Capsol Technologies, a Norway-based company, has recently secured two new paid carbon capture studies testing the feasibility of its end-of-pipe CO2 capture technology. These studies will be conducted at two major cement plants located in the European Union.
The primary objective of these studies is to analyze the potential of capturing over 1.5 million tonnes of carbon dioxide emissions annually. Capsol’s carbon capture technology aims to reduce CO2 emissions and help mitigate the negative environmental impacts caused by industries such as cement production.
The end-of-pipe carbon capture studies will take place at two cement factories that belong to an undisclosed proprietor who has reported a total of over 20 million tonnes of CO2 emissions in 2022.
The cement industry is a major contributor to global greenhouse gas emissions, with estimates by the International Energy Agency suggesting that it could account for more than 300 million tonnes of captured CO2 by 2030. Capsol Technologies’ carbon capture know-how provides a promising approach to address this issue and reduce the industry’s carbon footprint.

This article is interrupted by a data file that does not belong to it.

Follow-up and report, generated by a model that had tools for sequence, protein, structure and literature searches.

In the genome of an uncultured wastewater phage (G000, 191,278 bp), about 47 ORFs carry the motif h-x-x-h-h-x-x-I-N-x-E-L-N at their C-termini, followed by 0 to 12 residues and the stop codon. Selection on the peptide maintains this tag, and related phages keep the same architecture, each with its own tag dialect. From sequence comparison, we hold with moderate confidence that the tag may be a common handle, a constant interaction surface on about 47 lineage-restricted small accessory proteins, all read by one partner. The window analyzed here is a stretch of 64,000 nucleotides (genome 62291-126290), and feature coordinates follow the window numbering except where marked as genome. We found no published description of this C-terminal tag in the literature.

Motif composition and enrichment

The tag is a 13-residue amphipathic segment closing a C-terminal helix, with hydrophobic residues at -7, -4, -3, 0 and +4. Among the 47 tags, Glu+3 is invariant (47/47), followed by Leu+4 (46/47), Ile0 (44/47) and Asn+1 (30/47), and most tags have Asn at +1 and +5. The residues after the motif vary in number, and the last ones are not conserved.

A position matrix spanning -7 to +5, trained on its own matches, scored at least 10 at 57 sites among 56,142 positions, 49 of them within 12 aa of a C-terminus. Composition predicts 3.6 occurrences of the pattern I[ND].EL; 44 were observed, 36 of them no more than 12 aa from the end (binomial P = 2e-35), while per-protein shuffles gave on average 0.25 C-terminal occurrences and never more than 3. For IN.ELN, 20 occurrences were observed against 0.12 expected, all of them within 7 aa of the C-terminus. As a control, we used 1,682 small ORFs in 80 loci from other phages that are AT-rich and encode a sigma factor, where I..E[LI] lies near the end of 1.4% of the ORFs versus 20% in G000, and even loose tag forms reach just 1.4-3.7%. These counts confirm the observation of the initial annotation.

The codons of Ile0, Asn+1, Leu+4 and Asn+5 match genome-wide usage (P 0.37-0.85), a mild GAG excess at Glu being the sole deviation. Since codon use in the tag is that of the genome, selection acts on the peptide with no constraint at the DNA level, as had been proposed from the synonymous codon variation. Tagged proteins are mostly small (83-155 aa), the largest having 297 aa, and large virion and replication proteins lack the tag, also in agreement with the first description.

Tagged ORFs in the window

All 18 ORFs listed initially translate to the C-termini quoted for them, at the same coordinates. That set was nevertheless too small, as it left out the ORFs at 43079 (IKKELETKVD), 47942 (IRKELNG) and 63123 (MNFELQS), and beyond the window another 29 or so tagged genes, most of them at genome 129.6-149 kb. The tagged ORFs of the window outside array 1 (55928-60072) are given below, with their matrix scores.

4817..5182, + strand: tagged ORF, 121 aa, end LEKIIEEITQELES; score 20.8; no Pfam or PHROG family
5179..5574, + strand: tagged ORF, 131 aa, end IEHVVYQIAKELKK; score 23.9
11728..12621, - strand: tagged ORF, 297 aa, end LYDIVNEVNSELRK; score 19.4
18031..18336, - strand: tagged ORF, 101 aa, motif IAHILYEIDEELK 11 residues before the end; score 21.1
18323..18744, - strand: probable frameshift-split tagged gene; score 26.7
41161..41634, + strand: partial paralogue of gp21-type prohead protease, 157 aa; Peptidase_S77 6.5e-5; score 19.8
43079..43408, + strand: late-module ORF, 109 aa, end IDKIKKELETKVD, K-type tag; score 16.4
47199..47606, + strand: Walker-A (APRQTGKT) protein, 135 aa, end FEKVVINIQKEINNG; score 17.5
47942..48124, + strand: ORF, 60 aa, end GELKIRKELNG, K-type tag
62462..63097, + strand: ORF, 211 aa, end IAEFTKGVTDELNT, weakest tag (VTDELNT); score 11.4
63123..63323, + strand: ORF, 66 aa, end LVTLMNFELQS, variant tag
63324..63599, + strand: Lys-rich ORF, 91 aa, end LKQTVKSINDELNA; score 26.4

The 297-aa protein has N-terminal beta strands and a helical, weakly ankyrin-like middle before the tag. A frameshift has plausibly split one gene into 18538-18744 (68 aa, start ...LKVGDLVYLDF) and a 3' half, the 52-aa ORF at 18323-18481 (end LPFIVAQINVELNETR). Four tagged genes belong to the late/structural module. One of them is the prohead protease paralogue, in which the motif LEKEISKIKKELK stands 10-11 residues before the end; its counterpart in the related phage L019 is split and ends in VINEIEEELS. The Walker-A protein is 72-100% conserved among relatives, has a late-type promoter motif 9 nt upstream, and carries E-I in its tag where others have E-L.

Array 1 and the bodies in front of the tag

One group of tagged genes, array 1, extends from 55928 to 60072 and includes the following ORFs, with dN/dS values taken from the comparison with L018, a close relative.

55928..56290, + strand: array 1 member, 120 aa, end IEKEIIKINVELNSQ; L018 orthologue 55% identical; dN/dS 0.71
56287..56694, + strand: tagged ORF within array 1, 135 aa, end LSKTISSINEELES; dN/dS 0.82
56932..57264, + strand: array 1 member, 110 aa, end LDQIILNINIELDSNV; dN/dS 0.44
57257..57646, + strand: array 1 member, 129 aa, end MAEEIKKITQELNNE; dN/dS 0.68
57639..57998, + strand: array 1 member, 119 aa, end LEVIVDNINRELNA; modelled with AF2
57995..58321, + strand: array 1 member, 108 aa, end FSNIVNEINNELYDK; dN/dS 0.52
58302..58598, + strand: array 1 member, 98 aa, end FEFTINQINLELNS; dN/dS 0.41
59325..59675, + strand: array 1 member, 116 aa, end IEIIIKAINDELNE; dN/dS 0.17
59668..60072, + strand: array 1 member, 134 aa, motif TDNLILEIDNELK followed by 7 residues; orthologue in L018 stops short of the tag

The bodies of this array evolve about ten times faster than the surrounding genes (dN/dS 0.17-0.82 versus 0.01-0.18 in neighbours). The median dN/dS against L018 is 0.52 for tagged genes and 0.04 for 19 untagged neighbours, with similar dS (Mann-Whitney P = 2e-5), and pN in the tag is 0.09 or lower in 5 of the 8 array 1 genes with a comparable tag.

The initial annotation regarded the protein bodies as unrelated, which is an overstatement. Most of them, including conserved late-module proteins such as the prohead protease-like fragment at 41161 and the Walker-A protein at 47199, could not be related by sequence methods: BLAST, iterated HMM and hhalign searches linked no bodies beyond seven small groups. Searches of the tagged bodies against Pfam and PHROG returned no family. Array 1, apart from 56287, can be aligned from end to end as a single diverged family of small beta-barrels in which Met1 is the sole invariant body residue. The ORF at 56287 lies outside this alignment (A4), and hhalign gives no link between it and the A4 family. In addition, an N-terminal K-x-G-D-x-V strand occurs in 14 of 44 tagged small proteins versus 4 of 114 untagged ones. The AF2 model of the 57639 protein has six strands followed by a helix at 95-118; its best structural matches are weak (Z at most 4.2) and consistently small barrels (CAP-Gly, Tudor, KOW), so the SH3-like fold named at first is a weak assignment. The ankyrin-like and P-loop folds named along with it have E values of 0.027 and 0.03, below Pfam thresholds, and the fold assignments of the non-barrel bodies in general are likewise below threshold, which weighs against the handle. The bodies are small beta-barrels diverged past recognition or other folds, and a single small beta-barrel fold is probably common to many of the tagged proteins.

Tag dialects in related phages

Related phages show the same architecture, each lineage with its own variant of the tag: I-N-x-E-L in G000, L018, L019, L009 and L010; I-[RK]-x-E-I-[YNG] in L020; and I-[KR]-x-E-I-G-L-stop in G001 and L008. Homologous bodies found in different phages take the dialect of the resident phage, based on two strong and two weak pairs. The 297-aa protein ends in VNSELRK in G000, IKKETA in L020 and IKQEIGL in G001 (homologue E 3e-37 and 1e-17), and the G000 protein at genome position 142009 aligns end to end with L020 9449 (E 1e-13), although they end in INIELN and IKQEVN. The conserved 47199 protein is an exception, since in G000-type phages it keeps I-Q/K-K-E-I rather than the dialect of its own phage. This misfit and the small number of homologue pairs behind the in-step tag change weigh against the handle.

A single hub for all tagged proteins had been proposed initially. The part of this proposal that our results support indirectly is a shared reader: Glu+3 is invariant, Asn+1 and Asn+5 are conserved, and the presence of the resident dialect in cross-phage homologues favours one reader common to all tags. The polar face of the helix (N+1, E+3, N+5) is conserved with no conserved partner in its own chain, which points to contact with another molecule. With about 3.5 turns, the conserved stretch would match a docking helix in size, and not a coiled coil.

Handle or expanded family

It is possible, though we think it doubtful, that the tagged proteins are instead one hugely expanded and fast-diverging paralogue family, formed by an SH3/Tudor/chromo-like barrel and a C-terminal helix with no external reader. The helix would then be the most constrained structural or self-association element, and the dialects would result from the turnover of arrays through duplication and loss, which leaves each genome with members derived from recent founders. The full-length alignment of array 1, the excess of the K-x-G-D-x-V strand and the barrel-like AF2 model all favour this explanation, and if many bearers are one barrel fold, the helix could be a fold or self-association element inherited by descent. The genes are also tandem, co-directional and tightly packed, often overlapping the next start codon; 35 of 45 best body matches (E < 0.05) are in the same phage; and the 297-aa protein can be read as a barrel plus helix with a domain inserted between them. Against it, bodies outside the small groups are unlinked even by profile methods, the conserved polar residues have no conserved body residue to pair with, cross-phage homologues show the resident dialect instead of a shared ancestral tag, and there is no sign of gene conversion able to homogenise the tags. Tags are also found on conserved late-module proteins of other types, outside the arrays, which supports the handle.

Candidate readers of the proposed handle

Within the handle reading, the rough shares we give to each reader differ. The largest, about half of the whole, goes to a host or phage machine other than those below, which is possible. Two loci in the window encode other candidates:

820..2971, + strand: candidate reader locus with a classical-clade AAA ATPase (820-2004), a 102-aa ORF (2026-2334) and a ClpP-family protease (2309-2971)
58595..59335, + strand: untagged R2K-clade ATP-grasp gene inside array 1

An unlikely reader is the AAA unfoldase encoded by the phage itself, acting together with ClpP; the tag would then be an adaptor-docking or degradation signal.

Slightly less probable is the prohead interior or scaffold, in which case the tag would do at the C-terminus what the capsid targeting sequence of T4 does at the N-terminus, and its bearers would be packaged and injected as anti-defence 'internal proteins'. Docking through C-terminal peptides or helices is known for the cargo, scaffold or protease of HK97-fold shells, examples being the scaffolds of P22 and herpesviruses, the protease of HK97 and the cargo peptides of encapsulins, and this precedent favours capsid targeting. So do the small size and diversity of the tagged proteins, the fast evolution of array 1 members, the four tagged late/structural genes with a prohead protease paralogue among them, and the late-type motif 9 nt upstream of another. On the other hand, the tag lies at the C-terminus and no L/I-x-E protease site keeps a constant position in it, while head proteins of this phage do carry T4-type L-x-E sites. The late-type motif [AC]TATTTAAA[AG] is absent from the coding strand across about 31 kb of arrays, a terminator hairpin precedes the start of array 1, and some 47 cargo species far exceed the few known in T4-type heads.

This project marks the company’s third and fourth engineering carbon capture study for the cement industry and is part of their larger portfolio of nine cement projects. The company estimates that these projects have the potential to capture around 10 million tonnes of CO2 per year.
The company has received a positive response from the industry, indicating that its proprietary technology, CapsolEoP, offers significant competitive advantages for the cement industry. According to Jan Kielland, CEO of Capsol, CapsolEoP can reduce energy consumption by over 50% compared to other technologies, resulting in 25% lower costs per tonne of CO2 captured.
Kielland also expressed his satisfaction with the increasing number of requests for sales and engineering research projects, which is evident through the recent approval of the carbon capture studies.
This approval marks an important step for Capsol as it seeks to contribute significantly to the path towards achieving net zero emissions in the cement industry.